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Diagnosis of ACUTE SINUSITIS-Back to basics and more
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Author:  gmohan [ 22 Oct 2014 01:24 ]
Post subject:  Diagnosis of ACUTE SINUSITIS-Back to basics and more

How should I diagnose acute sinusitis?
Acute sinusitis usually follows a common cold, and is defined as an increase in symptoms after 5 days, or persistence of symptoms beyond 10 days, but less than 12 weeks.

In adults:
Diagnose acute sinusitis by the presence of nasal blockage (obstruction/congestion) or discoloured nasal discharge (anterior/posterior nasal drip) with facial pain/pressure (or headache) and/or reduction (or loss) of the sense of smell.

Nasal blockage — usually bilateral and caused by rhinitis.
Facial pain/pressure — may be localized over the infected sinus, or it may affect teeth, the upper jaw, or other areas (such as the eye, side of face, forehead). Pain in the absence of other symptoms is unlikely to be sinusitis.

In children:
Diagnose acute sinusitis by the presence of nasal blockage (obstruction/congestion) or discoloured nasal discharge (anterior/posterior nasal drip) with facial pain/pressure (or headache) and/or cough (daytime and night-time).
Facial pain is less prevalent in children.
There may also be ear discomfort (Eustachian tube blockage).


Suspect acute bacterial sinusitis when at least three of the following features are present:

Discoloured or purulent discharge (with unilateral predominance).
Severe local pain (with unilateral predominance).
A fever greater than 38°C.
A marked deterioration after an initial milder form of the illness (so-called 'double-sickening').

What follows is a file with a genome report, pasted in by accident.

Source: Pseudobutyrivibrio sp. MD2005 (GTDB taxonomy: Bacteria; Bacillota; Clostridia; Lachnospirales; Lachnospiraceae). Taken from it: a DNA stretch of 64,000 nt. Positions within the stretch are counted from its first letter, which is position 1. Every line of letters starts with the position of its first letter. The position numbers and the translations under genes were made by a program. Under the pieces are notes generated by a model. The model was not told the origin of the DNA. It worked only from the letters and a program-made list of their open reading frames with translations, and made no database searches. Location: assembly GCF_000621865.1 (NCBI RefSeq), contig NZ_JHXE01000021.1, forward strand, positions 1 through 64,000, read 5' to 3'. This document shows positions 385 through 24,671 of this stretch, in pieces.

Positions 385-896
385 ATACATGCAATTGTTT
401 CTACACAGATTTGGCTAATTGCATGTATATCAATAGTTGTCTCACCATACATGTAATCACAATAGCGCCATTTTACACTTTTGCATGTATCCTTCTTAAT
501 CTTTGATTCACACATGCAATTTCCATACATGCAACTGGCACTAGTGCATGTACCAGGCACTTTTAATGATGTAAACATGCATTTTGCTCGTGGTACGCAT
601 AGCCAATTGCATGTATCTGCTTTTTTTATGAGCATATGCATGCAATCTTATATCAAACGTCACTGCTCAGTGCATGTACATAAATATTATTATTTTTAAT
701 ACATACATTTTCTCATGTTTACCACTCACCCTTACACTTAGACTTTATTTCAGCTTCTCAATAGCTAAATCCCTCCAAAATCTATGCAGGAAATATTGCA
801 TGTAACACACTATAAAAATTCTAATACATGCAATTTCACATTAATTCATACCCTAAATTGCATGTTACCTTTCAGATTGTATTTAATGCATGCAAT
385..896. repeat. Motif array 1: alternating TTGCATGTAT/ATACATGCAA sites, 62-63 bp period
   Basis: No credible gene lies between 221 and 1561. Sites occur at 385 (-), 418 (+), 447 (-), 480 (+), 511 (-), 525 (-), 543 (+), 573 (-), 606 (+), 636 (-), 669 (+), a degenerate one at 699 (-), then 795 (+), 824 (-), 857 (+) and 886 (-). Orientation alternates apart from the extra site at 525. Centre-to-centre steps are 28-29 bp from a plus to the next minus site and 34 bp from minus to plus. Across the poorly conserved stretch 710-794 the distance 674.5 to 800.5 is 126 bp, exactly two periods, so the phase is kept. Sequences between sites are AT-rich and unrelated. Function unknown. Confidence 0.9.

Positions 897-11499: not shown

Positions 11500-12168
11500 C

Elevated ESR/CRP (although the practicality of this criterion is limited).

Examination:
Inspect and palpate the maxillofacial area to elicit swelling and tenderness.
Perform anterior rhinoscopy (using the largest speculum of an otoscope, or a head light and nasal speculum) to identify:
Signs which support a diagnosis of acute sinusitis such as nasal inflammation, mucosal oedema, and mucopurulent nasal discharge.
Associated pathology such as nasal polyps, or anatomical abnormalities such as septal deviation.
Polyps can be distinguished from the inferior turbinate by their lack of sensitivity to painful stimuli, their yellow-grey colour, and the fact that they can be compressed with a cotton wool bud. Usually, only significant polyposis is detectable in primary care.

Evidence of other conditions which present with similar signs and symptoms to acute sinusitis, such as a nasal foreign body or a sinonasal tumour.
If signs and symptoms are not typical of sinusitis, rule out an alternative diagnosis.

Differential diagnosis

Other conditions presenting with similar signs and symptoms to acute sinusitis include:
Allergic rhinitis — usually restricted to nasal symptoms. Consider this especially if symptoms have not directly followed an upper respiratory tract infection or are persistent.

Nasal foreign body — typically causes a unilateral mucopurulent discharge or blockage (more common in children).

Adenoiditis and tonsillitis (particularly in children) — causes nasal blockage, breathing through the mouth, nasal speech, and snoring.

Sinonasal tumour — suspect particularly if there are persistent unilateral symptoms, such as bloodstained discharge, crusting, nasal obstruction, non-tender facial pain, facial swelling, or unilateral nasal polyps. Refer urgently to an Ear, Nose, and Throat (ENT) specialist.

Other causes of facial pain or headache include:

Tension-type headache may present with bilateral symptoms of pressure but with no other nasal symptoms.
Temporomandibular joint dysfunction, or habitual teeth clenching.
Neuropathic or atypical facial pain.
Dental pain (typically, pain made worse by hot and cold drinks, or by chewing).

Management to follow.

G Mohan.

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